Real-World Evidence Demonstrating Tralokinumab Onset of Action and Efficacy in Two Skin of Color Patients with Moderate-to-Severe Atopic Dermatitis

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Daniel Tinker
Duane Dilworth


Atopic dermatitis, tralokinumab, skin of color


Introduction: Atopic dermatitis (AD) is a chronic, inflammatory skin disease that has higher prevalence, persistence, and severity, as well as different response to treatment, in skin of color (SOC) patients. This underscores the importance of clinical trial diversity and real-world case reports to help reduce health inequity, improve clinical understanding, and enhance treatment access for all patient populations. Tralokinumab specifically targets interleukin-13, and the onset, efficacy, and safety outcomes from the initial clinical trials revealed striking therapeutic potential. 

Objective: To provide examples of rapid tralokinumab onset of action in SOC patients, including improvement of the difficult-to-treat head and neck subtype and of hyperpigmentation on the hands.

Methods: The authors describe the clinical outcomes of two SOC patients: an 18-year-old Asian male [patient 1] and a 37-year-old African-American male [patient 2]. Data related to tralokinumab treatment were collected during routine clinical practice.

Results: Both patients were diagnosed with AD in infancy and continued to suffer from AD. At baseline, each had clearly perceptible erythema, induration, and lichenification and were assigned IGA scores of 3. Patient 1 had a BSA of 22%, managed with clobetasol 0.05% ointment for the body and ruxolitonib 1.5% cream for the face. He had never received systemic treatment. Patient 2 had previous medical history of mild asthma and BSA of 29%. His AD was managed with clobetasol 0.05% ointment. Over the prior two decades, he had been managed with myriad topical corticosteroids, prednisone tapers, as well as methotrexate. Due to insurance barriers, there were challenges obtaining tralokinumab immediately for both patients. The lapse in time was less than 6 weeks in each case. Not surprisingly, IGA 3 was assigned at both time of initial presentation and at time of tralokinumab initiation. Both patients were prescribed an initial dose of 600 mg (four 150 mg subcutaneous injections) followed by 300 mg (two 150 mg subcutaneous injections) administered every other week. After 10 weeks, patient 1 experienced a decrease in IGA from 3 to 1; his BSA decreased from 22% to 7%. After only 6 weeks, patient 2 also exhibited a decrease in IGA from 3 to 1; his BSA decreased from 29% to 6%. The improvement was sustained throughout a 6-month follow-up period in both patients. The authors observed significant improvement in the quality of life for both patients, subjectively and objectively. To date, no patient-reported or investigator-recognized adverse outcomes have occurred.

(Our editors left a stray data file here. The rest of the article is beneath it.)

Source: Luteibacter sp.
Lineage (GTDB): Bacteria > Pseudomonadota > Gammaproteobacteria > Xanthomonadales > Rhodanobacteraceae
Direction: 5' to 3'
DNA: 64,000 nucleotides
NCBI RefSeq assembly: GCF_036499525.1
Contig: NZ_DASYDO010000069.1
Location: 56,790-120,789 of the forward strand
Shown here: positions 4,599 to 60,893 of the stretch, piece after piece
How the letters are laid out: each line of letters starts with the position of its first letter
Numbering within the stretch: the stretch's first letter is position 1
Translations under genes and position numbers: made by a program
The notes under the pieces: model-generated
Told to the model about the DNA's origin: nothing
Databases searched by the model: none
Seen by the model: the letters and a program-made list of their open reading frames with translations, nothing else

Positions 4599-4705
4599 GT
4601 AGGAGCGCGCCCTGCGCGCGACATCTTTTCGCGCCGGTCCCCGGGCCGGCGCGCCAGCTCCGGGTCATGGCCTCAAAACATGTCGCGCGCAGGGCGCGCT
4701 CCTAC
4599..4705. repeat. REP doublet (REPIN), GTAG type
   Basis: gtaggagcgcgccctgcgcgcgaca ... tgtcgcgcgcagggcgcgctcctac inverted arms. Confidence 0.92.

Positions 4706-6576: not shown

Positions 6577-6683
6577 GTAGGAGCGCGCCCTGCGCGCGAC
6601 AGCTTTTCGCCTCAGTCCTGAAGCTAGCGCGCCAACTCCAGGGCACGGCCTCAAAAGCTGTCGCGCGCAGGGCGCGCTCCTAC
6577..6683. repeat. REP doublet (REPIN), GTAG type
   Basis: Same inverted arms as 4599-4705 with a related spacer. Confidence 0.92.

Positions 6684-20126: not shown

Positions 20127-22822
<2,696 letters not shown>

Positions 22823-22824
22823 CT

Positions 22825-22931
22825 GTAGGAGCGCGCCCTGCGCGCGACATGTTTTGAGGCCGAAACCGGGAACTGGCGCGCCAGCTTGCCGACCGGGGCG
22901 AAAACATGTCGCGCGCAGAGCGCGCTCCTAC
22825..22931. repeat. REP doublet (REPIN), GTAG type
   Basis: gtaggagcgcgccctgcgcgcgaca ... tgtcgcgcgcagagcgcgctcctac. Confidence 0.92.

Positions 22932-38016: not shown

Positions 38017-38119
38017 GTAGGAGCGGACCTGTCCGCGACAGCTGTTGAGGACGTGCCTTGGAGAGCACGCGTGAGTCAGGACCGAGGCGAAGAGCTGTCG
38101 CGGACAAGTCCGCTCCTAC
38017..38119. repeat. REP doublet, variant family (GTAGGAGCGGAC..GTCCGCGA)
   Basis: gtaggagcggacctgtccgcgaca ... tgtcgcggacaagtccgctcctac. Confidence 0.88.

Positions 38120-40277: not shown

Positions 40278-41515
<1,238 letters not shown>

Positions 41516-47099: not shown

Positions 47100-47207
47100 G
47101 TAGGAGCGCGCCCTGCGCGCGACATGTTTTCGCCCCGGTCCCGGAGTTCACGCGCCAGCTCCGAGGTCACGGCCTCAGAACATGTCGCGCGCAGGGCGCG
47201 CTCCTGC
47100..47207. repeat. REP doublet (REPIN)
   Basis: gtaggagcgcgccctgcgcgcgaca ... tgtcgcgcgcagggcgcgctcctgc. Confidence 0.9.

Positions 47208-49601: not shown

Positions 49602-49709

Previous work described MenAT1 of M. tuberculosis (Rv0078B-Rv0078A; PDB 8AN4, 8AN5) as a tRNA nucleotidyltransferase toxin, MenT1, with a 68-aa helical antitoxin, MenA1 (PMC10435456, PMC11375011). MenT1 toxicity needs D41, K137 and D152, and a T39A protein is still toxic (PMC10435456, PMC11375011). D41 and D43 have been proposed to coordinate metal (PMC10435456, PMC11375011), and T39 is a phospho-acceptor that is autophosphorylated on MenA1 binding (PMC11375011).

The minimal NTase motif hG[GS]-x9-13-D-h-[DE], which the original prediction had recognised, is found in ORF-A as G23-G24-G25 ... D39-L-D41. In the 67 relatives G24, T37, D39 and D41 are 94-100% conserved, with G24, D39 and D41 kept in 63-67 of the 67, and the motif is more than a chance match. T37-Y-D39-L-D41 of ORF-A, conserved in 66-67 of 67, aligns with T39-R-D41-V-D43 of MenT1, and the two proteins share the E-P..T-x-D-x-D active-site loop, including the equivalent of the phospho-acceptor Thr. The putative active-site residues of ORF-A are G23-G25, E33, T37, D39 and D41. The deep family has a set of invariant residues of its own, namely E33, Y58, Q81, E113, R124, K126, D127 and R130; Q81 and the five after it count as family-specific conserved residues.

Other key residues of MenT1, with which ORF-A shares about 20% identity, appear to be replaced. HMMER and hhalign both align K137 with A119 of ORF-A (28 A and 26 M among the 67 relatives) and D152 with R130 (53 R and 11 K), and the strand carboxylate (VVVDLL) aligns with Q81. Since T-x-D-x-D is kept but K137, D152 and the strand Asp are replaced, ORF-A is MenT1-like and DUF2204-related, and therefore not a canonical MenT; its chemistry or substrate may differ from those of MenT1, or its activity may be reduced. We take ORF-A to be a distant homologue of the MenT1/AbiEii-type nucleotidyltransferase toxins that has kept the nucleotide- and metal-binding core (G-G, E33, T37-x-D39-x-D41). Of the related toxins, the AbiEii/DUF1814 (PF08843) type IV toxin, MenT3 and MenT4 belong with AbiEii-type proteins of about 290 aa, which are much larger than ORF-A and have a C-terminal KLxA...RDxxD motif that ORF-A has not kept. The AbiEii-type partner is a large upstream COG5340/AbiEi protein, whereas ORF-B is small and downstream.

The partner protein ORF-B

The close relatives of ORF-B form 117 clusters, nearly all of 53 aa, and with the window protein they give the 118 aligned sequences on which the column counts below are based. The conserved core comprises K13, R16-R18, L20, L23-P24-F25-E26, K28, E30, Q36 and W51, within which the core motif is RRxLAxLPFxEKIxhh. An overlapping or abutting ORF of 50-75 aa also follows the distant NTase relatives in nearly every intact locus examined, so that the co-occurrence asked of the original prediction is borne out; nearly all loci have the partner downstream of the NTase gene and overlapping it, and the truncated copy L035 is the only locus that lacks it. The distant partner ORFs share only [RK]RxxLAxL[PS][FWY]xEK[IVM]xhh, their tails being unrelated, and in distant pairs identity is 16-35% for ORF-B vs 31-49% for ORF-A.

Conclusions: Treatment with tralokinumab 300 mg, every other week, showed a rapid onset of action, with superior efficacy to the original clinical trials in two SOC patients with moderate-to-severe AD, one of which had involvement of the difficult-to-treat area of the head and neck. With no patient- or physician- adverse events reported to date, this observational study underscores the importance of future real-world reports to potentially corroborate our findings.


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